In a week's time, I will hopefully have finished my very first 100 kilometer run - the 2014 Lejonbragden. I feel both excited and under-prepared but not exactly nervous. I think I am going in as prepared as I can and will ever be, that feeling of being under-prepared is mainly knowledge that more longer runs would have built more experience. My technical preparations are at least finished today, as I picked up all kinds of chafe and blister prevention material as well as a new pair of tights and a cap in the event this year ends up as sunny as last.
Spirits lifted by checking all these things off of my list, I bought a pair of Fivefingers almost by accident.
Behold my KSO Evo. I have missed the feeling of thin toe shoes ever since wearing out my KSOs more than a year ago. The thing holding me back was the fact that I wore the first pair out so quickly. I have no real reason to believe these will hold up better, but I guess the urge just got too strong. The fact that I already alternate between two other pairs should also make all of them last longer. Even if they should give me the same number of kilometers as the last pair, there will be much more time between purchase and discarding. Oh the psychology of purchases.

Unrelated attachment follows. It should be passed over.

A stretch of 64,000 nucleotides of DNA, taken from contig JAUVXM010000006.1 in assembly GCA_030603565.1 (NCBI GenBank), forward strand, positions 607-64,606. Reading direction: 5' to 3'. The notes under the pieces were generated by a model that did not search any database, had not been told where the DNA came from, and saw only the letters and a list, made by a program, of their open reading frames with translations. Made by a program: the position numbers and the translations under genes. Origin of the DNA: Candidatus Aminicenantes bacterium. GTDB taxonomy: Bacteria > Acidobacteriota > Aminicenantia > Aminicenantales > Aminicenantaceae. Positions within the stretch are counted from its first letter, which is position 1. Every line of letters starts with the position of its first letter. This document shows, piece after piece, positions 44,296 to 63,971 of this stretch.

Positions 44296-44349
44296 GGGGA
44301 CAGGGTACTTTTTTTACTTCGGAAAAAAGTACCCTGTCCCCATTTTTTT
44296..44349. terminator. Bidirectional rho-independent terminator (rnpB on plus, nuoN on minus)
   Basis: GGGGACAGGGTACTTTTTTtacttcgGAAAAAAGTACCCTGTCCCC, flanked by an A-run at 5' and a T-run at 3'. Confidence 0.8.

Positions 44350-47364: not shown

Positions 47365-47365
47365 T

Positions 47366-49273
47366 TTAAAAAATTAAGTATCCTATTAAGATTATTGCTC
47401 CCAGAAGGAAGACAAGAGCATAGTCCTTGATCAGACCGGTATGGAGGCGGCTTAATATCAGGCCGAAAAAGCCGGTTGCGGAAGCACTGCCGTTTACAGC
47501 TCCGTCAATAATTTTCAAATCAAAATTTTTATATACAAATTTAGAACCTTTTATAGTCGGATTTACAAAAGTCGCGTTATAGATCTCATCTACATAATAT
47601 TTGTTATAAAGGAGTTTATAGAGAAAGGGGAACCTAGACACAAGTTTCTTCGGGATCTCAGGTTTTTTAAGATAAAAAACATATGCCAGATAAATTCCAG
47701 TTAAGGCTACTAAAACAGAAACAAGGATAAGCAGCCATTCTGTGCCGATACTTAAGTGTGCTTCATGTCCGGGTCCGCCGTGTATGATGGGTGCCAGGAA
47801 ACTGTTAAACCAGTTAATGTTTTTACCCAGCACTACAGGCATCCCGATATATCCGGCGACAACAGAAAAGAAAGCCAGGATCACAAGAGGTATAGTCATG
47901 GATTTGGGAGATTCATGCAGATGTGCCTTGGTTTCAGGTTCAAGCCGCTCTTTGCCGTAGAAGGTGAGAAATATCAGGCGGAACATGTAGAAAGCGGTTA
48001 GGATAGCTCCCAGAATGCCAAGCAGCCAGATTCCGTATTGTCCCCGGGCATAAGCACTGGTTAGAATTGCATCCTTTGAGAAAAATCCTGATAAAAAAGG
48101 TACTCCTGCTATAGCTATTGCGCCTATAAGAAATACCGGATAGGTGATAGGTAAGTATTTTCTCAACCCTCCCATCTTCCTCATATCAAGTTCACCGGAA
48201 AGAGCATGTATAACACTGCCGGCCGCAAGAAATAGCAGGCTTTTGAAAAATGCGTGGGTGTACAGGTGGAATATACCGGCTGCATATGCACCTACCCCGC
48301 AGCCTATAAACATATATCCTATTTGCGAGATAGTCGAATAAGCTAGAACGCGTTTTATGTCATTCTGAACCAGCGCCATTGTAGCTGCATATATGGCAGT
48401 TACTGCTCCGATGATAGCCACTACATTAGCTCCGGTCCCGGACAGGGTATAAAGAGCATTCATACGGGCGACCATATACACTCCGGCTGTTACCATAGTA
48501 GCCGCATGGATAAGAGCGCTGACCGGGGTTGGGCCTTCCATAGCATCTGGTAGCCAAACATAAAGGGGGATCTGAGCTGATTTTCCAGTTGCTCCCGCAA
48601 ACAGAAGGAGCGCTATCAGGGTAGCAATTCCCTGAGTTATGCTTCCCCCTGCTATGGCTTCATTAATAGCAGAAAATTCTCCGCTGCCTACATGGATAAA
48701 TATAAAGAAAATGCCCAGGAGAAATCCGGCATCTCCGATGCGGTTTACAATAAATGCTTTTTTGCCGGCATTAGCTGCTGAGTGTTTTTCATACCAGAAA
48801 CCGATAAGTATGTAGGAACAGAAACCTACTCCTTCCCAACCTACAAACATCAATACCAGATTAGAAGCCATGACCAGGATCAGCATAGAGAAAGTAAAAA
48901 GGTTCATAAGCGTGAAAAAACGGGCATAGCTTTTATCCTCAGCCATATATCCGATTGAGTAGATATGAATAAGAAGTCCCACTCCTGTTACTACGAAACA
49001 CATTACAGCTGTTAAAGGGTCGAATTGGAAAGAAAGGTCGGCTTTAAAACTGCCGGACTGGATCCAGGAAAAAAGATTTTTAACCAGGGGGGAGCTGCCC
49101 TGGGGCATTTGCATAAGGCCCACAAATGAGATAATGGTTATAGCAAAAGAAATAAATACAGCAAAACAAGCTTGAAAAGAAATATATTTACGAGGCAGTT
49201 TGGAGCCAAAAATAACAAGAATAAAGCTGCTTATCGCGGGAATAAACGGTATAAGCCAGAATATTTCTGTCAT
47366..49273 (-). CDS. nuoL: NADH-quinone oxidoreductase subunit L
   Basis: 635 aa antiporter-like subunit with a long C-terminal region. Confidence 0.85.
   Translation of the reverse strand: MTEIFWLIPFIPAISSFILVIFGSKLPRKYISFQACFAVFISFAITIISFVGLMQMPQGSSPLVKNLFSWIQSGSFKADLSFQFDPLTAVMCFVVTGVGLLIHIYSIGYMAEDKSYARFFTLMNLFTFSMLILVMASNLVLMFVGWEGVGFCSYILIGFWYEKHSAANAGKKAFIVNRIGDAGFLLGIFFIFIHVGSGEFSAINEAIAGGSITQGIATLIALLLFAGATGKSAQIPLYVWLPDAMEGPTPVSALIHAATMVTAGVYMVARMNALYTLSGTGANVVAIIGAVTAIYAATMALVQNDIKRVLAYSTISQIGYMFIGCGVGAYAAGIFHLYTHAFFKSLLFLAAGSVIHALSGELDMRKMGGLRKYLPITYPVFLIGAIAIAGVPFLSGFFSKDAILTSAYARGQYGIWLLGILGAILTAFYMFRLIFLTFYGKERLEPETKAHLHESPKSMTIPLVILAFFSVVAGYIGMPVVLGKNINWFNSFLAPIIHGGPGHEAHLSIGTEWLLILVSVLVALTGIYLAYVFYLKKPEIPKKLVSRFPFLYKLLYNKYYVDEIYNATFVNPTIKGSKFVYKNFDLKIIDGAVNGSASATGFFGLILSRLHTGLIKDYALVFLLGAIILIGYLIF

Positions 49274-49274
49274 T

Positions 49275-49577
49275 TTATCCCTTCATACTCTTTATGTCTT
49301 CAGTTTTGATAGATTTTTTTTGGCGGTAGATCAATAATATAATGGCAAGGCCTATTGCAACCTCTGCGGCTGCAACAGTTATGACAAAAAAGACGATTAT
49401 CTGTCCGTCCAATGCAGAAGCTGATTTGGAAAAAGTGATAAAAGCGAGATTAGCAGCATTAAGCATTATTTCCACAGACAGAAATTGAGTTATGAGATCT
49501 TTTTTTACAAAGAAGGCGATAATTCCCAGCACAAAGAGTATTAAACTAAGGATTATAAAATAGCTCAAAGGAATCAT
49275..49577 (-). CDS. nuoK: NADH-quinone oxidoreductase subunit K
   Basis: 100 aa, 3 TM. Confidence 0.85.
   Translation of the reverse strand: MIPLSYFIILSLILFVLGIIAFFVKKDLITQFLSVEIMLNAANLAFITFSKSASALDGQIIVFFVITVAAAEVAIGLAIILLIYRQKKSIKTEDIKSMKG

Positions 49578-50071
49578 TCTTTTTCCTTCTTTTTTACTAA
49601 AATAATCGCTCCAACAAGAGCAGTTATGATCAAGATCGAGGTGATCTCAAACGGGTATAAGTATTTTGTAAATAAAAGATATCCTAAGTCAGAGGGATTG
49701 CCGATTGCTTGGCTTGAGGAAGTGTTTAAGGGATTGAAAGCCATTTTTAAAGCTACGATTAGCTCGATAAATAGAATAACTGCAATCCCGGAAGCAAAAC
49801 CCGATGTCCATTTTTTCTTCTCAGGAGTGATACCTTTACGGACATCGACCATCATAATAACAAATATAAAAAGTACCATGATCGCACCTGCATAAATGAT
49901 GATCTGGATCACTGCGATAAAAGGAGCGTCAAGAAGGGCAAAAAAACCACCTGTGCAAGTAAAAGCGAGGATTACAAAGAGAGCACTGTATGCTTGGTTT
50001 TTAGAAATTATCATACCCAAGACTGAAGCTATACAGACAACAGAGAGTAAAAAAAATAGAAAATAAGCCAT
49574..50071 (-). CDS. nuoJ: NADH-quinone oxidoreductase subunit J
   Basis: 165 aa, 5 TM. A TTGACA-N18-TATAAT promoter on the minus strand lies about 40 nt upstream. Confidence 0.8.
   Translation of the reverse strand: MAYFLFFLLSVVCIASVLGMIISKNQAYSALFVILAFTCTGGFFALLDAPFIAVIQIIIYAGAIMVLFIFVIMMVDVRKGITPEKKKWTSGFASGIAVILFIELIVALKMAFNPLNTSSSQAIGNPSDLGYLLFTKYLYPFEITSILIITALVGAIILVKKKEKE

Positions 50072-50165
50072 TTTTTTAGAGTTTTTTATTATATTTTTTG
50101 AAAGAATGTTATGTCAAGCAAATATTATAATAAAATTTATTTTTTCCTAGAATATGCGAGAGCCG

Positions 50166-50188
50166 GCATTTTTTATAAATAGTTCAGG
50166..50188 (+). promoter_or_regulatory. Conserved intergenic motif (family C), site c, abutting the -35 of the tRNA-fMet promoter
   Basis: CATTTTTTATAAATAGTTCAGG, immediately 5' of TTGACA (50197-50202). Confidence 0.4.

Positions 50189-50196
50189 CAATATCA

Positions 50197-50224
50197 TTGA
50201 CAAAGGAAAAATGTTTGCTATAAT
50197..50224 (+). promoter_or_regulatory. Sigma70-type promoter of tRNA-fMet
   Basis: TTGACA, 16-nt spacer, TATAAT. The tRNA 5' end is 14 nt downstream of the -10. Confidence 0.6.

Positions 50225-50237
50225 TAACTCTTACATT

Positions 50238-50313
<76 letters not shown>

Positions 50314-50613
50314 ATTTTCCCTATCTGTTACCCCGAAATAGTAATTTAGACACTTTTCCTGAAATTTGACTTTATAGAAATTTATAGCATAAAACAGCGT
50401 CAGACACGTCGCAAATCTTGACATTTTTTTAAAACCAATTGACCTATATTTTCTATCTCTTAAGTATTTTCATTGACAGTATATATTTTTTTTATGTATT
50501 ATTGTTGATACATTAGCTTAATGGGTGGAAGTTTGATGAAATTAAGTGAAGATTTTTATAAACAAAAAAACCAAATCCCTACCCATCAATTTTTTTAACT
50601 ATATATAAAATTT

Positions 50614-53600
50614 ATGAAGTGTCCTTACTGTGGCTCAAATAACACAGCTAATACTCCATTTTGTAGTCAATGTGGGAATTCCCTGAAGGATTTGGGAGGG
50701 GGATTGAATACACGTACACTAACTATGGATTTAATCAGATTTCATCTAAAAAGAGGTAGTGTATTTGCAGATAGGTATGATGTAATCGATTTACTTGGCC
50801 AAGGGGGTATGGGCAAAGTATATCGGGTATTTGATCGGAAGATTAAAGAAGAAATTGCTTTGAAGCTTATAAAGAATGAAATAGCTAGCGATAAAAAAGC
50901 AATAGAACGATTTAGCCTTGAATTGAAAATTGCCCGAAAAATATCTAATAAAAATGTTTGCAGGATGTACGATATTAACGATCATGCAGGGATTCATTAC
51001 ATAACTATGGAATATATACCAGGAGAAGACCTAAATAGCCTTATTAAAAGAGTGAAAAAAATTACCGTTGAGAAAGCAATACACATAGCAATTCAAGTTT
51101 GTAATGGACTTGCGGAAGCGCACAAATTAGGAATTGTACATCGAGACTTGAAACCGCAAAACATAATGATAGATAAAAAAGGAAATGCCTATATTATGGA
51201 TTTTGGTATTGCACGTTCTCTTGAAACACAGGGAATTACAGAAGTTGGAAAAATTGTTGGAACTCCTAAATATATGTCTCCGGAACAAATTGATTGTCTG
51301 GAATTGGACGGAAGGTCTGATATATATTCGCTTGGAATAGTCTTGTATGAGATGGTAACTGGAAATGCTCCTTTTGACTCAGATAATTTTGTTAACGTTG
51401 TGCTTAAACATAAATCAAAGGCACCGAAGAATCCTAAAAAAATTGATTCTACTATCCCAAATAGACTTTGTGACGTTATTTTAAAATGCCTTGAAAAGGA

I naturally had to try them as soon as possible and so set out for a wonderfully sunny mid-day run in Änggårdsbergen. It was not my imagination during the break, there really is a lot more to feel in thinner shoes. All the subtle differences between surfaces, the impression that you can feel every single piece of gravel, the clear distinction between a smooth and soft step and one a little too far back on the foot. My feet and legs feel a little more worn, but not excessively so. I may have had a break from Fivefingers, but I have always felt that I have kept running in the same way (just with less clear feedback), and this feels like confirmation.
I ran, as I like to do especially in toe shoes, without any socks. Running without socks in new shoes a week before a 100 kilometer run did strike me as a somewhat stupid thing to do, but I told myself that I would listen carefully to my feet and cut the run short if anything felt bad. The closest thing to a warning I got was from both my big toes. I feel as if the friction became a bit much and that perhaps they slipped aroud a bit inside the shoes. Whatever the cause, I added some noticeable wear to both. Apart from that my feet felt totally happy being back in touch. I seem to recall noticing wear in several more places using and getting used to my first KSOs, so perhaps Vibram has adjusted the design and it just happens to suit me better.
I think I have decided on which shoes to use for Lejonbragden, but I can not deny that I dream of running it in Fivefingers. I just enjoy having less between me and the ground. But chafing and blisters have sailed up as my main worry for the run (despite the fact that I prepared well and suffered virtually nothing of that sort last year), so perhaps not. Maybe next year …